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literature

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English Literature: Romanticism  
 
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But the double self figured forth in the writings of his friends Shelley (Prometheus Unbound, 1820) and Mary Shelley (Frankenstein, 1818) seems to have another, more directly ethical, import. And yet, as Eve Sedgwick has shown in her chapter on James Hogg's 1824 novel Private Memoirs and Confessions of a Justified Sinner, the homosocial dynamic impelling the good-evil Doppelgänger still may mask a cultural homophobia of real significance.

The Gothic Novel and Homosexual Self-Loathing

The one genre in which displaced homosexual elements figure large is the gothic novel. The main male authors who created the conventions of gothic fiction in the later eighteenth century--Walpole, Beckford, and Lewis--were all (more or less) homosexual: Walpole may be thought to have been "iffily" so, as Sedgwick claims, or to have been afflicted late in life with what George Rousseau has termed "sexual fragility," but the attachments of his early years make his orientation plain enough.

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What this trio accomplished over the generation that spans the publication of Walpole's Castle of Otranto (1765) and Lewis's The Monk (1796) is succinctly articulated by Sedgwick: "The Gothic novel crystallized for English audiences the terms of a dialectic between male homosexuality and homophobia, in which homophobia appeared thematically in paranoid plots."

As these comments suggest, the homosexual displacements of the gothic, once identified, are not easily celebrated as liberating. The gothic transgressor always gets his just deserts: for his "unrestrained passions and atrocious actions," we are told on the last page of the novel, the Caliph Vathek goes to a special place in hell, "a prey to grief without end and remorse without mitigation."

Not only do we sense a ritualistic enactment of homosexual self-hatred in such paranoid fantasies, but the increasing misogyny of these gothic novels intensifies our awareness that the writers are participating in the cultural pathology they affect to be purging.

By no means on the same level of artistic achievement, John Polidori's The Vampire (1819) may nonetheless be thought an important document in this genre of homosexual paranoia. His contribution to the famous writing contest in Geneva that produced Frankenstein, The Vampire was actually begun by Byron, then taken over, in what appears a customary act of bonding with an older man, by Polidori. His suicide in 1820 has, in fact, been attributed to a despondency caused by the novella's being published as Byron's.

The real terms are less romantic. Handsome, sexually repressed, and mentally unstable, Polidori seems never to have survived being dismissed by Byron as his personal physician over his erratic behavior. (Why Byron in 1816 had need of a "personal physician" as traveling companion is a question rather too seldom asked.)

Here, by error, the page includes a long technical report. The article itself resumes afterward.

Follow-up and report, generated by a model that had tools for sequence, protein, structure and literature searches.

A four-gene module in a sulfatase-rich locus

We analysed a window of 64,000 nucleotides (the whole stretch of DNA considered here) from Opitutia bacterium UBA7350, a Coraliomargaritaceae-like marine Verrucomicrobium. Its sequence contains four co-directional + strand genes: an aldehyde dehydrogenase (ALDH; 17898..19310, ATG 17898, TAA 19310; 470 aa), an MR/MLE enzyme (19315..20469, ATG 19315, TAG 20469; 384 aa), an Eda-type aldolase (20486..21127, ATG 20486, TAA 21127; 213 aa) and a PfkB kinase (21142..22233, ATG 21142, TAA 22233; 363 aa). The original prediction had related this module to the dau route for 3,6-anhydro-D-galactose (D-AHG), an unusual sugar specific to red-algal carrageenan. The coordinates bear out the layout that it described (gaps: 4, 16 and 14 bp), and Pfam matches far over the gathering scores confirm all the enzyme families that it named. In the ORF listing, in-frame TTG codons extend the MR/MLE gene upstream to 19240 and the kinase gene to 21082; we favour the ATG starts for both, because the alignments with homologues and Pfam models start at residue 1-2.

Whatever his psychological instabilities, however, it is the choice of subject matter that most deeply insinuates the homosexual displacement of The Vampire. Byron chose the subject after reciting to the entourage of young writers parts of Coleridge's just-published "Christabel," the one major poem of English Romanticism to be enveloped in a figurative homosexuality.

There the innocent heroine accepts the witchlike Geraldine into her castle and then her bed, where through a sort of vampirelike experience, she is subjected to the woman's dark influence. That the homophobic Coleridge would picture lesbian experience as corrupting is by no means as culturally interesting as Byron's emphasis of the passage and then the transference whereby the central figure, the vampire with an unpurgeable infection who craves a fraternity (in the Victorian period, of course, Bram Stoker would make it a sorority) of victims, is taken up by the two male writers.

Having given over the subject to Polidori, Byron, in a second act of transference, recasts its terms into the enigmatic tragic hero, Manfred, whose love has destroyed its object, leaving him unfit to live or die. It is not surprising that such a trope should become encoded in these circumstances, for the homosexual as vampire is essentially the cultural condition enforced by the intense homophobia of the Romantic age in England.

One other extension of the literary transgressive strengthens, unfortunate as it may be, this link between the gothic and psychic self-destructiveness: the strange figure of Thomas Lovell Beddoes. The son of the great doctor Thomas Beddoes, who is known for his discovery of nitrous oxide (laughing gas) and as a friend of Wordsworth and Coleridge, Thomas Lovell left what he called "Cantland" after his graduation from Oxford in 1825 and, except for a few visits home, resided in Germany and Switzerland for the quarter century that ended with his suicide in Basel in 1849.

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